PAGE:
Wednesday, July 27, 2016
Ever since we had personal computers, Hollywood has been making movies about kids getting in a pickle playing with them. Back to Matthew Broderick nearly setting off nuclear annihilation in 1983’s “War Games” up to last year’s “Unfriended,” about a half-dozen teenagers being stalked on social media, we learn that irresponsible teens and powerful electronic devices are not a good mix.
And here comes the latest cyber-thriller, “Nerve,” which sounds ludicrous until we realize all the technology that makes Pokémon Go possible could easily be repurposed this way, and already exists in our smartphones. It’s about teens accepting dares to do increasingly dangerous acts, with the rest watching as ghoulish witnesses, egging them on with money and instant fame.
Emma Roberts and Dave Franco -- who I’d like to point out are ages 25 and 31, respectively -- play the main couple, thrown together by the “watchers” of Nerve. It’s an open-sourced game with no one controlling it but deadly democracy. The watchers pay money for a voyeuristic thrill, which is then given to the players as a reward. Refusing a dare, or failing to complete it, means you’re out of the game and lose all the dough you’ve won.
Roberts is Vee, a bookish sort who sticks to photography and pining for boys she’s too shy to even talk to her. Her best friend, Sydney (Emily Meade), is already a star in Nerve. She’s after the thrill more than the money, since she’s a trust-fund baby; early on she gets suspended from school for showing her tushie during the cheerleading performance.
Too afraid to even tell her mom (a harried Juliette Lewis) that she’d prefer to go to an art school in California than local commuter college, Vee takes up the challenge to play Nerve. Her first dare is simple enough: kiss a stranger. She selects Ian (Franco) because he’s sitting in a diner reading one of her favorite books. But it turns out he’s a player too, and soon the watchers have upvoted them into a pair.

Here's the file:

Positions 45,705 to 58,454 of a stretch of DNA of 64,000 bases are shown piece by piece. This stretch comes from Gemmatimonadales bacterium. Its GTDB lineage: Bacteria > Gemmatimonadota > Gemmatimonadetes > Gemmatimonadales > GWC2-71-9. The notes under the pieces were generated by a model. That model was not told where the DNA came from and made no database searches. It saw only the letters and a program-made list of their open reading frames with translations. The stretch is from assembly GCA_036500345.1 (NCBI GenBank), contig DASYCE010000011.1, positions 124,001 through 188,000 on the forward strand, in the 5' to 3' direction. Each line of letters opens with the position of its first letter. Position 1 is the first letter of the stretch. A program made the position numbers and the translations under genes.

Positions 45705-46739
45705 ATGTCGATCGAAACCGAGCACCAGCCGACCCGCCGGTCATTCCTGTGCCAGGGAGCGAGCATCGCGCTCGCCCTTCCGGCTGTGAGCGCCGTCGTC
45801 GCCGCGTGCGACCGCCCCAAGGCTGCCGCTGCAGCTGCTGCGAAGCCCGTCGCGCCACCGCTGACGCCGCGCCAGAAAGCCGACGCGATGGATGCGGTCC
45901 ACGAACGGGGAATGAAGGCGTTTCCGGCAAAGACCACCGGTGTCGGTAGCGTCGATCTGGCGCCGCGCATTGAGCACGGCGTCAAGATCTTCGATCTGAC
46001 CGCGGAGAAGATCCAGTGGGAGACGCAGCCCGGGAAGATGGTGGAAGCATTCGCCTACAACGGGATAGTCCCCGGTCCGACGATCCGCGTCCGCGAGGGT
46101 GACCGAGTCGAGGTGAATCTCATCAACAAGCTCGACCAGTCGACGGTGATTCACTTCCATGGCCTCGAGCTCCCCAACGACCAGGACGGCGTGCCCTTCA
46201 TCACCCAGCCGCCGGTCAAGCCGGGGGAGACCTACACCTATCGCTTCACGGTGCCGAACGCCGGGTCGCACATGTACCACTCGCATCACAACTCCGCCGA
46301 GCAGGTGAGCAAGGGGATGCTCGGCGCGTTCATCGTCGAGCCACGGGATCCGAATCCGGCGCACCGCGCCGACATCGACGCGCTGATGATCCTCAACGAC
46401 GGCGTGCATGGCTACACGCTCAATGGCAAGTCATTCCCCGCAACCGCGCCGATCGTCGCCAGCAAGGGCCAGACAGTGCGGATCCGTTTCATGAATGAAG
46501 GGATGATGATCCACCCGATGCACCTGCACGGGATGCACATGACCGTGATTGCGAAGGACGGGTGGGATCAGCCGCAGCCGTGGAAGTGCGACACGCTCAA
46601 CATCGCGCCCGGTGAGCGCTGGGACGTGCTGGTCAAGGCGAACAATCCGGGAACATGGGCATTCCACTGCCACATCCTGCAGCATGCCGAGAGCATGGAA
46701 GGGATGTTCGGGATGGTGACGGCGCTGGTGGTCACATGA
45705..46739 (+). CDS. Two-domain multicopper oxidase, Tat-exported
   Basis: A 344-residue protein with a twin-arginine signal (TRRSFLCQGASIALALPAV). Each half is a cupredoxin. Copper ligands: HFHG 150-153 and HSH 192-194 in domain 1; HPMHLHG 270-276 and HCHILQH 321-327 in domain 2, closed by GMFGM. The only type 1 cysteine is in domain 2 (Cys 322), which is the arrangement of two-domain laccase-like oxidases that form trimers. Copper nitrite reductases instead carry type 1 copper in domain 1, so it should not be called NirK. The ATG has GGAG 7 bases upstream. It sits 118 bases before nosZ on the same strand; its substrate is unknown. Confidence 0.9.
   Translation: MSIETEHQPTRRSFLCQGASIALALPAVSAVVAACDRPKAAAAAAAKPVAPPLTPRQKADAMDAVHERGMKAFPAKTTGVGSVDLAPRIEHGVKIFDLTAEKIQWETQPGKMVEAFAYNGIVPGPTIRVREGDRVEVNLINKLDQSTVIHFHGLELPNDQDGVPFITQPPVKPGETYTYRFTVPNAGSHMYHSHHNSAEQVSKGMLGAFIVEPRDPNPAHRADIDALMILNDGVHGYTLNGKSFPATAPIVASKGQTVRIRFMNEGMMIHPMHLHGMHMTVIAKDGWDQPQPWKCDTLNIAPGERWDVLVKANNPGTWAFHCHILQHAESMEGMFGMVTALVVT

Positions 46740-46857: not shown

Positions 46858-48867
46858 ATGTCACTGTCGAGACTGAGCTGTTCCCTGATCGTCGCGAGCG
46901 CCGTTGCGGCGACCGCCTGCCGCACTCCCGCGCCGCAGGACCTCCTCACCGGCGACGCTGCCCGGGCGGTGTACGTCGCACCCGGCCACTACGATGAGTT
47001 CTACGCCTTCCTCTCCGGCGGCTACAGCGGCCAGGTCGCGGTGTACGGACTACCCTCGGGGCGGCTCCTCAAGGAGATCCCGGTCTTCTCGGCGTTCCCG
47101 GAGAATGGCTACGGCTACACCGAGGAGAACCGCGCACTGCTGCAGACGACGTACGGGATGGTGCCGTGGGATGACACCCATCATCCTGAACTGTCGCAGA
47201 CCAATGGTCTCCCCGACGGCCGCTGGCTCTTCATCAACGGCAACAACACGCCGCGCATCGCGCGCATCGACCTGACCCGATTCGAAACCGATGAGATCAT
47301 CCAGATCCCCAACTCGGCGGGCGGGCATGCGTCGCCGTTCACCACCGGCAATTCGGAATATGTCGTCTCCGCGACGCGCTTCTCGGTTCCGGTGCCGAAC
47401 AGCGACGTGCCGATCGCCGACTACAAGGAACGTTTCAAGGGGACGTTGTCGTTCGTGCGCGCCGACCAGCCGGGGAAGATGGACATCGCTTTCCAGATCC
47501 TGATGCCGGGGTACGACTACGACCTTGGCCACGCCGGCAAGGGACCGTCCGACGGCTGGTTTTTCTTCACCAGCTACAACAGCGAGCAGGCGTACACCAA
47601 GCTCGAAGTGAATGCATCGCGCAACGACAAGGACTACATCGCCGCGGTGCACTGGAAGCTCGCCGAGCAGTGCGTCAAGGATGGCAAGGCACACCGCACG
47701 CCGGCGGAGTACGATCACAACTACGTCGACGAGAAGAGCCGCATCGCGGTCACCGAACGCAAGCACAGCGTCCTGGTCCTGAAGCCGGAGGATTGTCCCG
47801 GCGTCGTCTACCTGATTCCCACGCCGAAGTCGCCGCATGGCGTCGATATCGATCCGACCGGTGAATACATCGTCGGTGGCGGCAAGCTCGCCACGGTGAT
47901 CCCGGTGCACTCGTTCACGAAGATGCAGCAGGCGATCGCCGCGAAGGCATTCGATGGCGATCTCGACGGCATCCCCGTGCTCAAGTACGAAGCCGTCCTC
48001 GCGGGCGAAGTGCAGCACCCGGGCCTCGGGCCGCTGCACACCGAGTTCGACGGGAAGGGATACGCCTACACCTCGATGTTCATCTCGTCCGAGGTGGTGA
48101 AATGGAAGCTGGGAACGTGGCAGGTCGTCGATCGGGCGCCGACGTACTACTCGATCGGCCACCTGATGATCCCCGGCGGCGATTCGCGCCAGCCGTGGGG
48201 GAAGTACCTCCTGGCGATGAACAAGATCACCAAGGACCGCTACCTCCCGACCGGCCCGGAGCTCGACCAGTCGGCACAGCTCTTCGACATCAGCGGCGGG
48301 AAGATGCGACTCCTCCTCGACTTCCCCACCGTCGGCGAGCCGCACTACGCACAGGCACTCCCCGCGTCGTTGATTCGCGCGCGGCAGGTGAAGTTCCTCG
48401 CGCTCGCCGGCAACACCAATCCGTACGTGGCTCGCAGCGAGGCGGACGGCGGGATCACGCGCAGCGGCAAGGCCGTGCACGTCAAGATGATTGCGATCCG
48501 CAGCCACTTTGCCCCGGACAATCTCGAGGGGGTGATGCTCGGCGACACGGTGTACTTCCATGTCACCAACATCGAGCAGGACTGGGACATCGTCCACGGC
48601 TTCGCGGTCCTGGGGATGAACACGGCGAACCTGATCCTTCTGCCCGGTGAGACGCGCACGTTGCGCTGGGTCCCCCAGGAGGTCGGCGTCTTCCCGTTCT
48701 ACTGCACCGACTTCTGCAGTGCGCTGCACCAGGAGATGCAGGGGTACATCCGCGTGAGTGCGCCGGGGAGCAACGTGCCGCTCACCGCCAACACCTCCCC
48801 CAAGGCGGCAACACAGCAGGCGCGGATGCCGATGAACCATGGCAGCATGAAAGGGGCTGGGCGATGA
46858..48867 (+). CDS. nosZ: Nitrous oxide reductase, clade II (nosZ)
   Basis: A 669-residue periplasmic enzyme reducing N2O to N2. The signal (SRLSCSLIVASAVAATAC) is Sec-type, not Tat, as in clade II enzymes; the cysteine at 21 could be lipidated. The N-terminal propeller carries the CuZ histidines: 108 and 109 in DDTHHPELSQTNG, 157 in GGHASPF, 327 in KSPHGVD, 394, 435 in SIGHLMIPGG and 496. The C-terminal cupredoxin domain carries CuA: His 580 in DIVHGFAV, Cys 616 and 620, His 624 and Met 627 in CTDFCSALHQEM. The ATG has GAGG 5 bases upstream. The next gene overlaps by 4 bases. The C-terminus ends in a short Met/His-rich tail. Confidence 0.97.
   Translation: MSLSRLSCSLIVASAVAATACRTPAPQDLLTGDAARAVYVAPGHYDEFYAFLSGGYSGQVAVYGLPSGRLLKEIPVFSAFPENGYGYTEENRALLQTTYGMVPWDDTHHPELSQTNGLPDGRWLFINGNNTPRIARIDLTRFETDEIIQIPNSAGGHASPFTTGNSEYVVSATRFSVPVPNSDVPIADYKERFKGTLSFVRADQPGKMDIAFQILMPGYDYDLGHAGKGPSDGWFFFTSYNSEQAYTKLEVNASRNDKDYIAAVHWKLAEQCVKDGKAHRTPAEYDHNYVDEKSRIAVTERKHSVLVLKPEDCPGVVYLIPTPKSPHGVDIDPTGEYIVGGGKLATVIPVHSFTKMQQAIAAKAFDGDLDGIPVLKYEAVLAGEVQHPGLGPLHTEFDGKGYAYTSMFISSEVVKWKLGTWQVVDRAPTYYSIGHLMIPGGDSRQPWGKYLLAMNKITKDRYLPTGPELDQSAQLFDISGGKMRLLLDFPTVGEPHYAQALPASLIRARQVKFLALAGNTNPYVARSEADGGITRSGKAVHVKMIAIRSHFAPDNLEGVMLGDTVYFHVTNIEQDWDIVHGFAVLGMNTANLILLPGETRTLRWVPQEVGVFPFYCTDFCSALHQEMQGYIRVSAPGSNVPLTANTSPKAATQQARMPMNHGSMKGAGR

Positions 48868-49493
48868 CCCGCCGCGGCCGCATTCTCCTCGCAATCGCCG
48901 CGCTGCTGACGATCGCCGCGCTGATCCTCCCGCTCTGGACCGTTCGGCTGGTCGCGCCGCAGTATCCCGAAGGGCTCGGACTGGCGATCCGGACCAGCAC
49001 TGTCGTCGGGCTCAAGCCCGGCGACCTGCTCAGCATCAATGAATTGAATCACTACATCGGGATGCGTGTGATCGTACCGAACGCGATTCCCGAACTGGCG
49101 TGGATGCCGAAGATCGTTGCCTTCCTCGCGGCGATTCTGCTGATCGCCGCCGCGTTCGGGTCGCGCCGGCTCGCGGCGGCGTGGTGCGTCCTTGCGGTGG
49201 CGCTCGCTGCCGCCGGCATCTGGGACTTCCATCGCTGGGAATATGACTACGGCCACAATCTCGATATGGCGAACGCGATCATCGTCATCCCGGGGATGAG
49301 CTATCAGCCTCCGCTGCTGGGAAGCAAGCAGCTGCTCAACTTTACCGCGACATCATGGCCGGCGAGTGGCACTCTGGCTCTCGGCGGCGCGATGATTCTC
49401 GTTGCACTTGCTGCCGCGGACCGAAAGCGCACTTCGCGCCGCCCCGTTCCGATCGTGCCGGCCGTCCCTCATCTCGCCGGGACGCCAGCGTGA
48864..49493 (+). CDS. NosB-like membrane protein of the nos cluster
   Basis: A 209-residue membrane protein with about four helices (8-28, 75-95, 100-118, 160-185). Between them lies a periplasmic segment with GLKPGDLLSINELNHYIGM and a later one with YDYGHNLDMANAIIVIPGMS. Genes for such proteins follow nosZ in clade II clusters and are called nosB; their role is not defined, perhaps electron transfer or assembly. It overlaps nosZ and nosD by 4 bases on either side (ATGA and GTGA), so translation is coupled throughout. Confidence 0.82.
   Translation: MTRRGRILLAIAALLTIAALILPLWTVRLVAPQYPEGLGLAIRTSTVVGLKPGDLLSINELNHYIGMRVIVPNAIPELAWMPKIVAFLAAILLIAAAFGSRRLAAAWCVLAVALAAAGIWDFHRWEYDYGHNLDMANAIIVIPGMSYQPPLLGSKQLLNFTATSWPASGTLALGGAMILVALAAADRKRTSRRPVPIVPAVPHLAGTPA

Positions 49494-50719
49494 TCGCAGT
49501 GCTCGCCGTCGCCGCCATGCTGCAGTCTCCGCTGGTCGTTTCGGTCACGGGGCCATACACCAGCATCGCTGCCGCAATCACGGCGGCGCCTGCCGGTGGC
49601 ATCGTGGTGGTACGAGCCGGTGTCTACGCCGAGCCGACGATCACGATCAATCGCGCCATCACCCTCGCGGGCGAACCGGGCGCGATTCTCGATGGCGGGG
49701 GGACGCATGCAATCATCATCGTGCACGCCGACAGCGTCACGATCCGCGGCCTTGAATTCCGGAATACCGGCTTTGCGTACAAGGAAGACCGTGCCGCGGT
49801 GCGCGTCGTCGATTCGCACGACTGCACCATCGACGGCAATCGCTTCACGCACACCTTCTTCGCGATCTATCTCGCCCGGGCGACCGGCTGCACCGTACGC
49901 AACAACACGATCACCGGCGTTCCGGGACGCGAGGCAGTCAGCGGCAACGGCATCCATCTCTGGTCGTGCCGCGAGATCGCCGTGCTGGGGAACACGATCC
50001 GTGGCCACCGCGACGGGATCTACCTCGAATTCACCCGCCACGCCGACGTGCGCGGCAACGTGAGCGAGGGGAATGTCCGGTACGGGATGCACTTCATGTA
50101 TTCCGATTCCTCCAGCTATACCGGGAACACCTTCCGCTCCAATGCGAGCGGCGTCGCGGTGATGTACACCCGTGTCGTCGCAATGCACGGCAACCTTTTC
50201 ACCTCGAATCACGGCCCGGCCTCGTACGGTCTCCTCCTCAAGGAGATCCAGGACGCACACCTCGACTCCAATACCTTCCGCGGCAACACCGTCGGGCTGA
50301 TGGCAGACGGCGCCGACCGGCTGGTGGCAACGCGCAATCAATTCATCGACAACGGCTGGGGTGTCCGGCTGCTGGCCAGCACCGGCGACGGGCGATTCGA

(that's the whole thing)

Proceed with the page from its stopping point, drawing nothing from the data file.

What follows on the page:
There’s a fun sequence where they’re directed to Bergdorf’s in Manhattan to try on ridiculously expensive clothes, then their own clothes are swiped (the dare of another player) and they are directed to leave the store immediately.
Vee may like breaking out of her wallflower mode, but crosses the line at shoplifting a $4,000 dress. Fortunately, she notices a loophole that the dare doesn’t say anything about keeping the clothes. So they strip to their skivvies and make a run for it; it’s an endearingly silly and flirty moment. Roberts and Franco are over-the-top cuties.
But things get much darker quickly -- like, riding Ian’s motorcycle at 60 m.p.h. while he’s blindfolded -- and ratchets up from there to deadly levels. Plus, other players up the ante, including Ty (Colson Baker), a punk type who looks like he walked off the set of the latest “Mad Max” movie.
Sydney, meanwhile, is nonplussed about the competition from her sidekick. And Tommy (Miles Heizer), a nerdy sweetheart who’s badly concealing a crush on Vee, attempts a late rescue with his hacker buddies to crash the game.
Directed by Henry Roost and Ariel Schulman from a screenplay by Jessica Sharzer, based upon a novel by Jeanne Ryan, “Nerve” is decent disposable entertainment that really wants to be a cautionary tale.